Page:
Despite the huge disparities in care that were highlighted, last week’s Standard of Care for HIV and Coinfections in Europe meeting in Bucharest featured discussions that could form the basis of a European-wide exercise to audit HIV centres to a common standard. As well as highlighting the difficulties facing clinicians tackling the needs of people co-infected with HIV and tuberculosis (TB), the meeting also looked at the needs of people with viral hepatitis and specifically hepatitis C.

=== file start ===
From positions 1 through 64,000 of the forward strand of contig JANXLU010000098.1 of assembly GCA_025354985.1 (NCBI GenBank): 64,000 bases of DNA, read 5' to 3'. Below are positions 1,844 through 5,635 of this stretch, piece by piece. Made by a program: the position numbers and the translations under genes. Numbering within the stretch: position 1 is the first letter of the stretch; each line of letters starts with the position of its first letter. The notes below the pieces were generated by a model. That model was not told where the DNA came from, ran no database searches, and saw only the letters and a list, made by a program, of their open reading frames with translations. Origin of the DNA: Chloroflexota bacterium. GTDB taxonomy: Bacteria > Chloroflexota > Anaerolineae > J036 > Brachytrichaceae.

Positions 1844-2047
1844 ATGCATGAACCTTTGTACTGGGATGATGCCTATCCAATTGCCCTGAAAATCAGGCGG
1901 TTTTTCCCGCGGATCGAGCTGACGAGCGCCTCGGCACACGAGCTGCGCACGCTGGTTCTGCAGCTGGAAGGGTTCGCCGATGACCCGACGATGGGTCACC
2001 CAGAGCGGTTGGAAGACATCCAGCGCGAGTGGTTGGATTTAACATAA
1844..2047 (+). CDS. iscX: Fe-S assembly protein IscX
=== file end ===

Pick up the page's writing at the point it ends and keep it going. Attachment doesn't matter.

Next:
Dr Jerzy Jaroszewicz of the Polish Association for the Study of the Liver said that given there is a World Health Organization (WHO) target that by 2030 90% of people with hepatitis C should know their status, we have a long way to go. It’s currently estimated that 13% are aware of their status (globally), with one-third diagnosed in Europe as a whole.
The big gap in Europe is lack of treatment. Here the WHO target is for 80% of those diagnosed to receive direct-acting antivirals (DAAs) by 2030; last year it was estimated that 13% of those diagnosed received treatment (2.5% of all those with hepatitis C).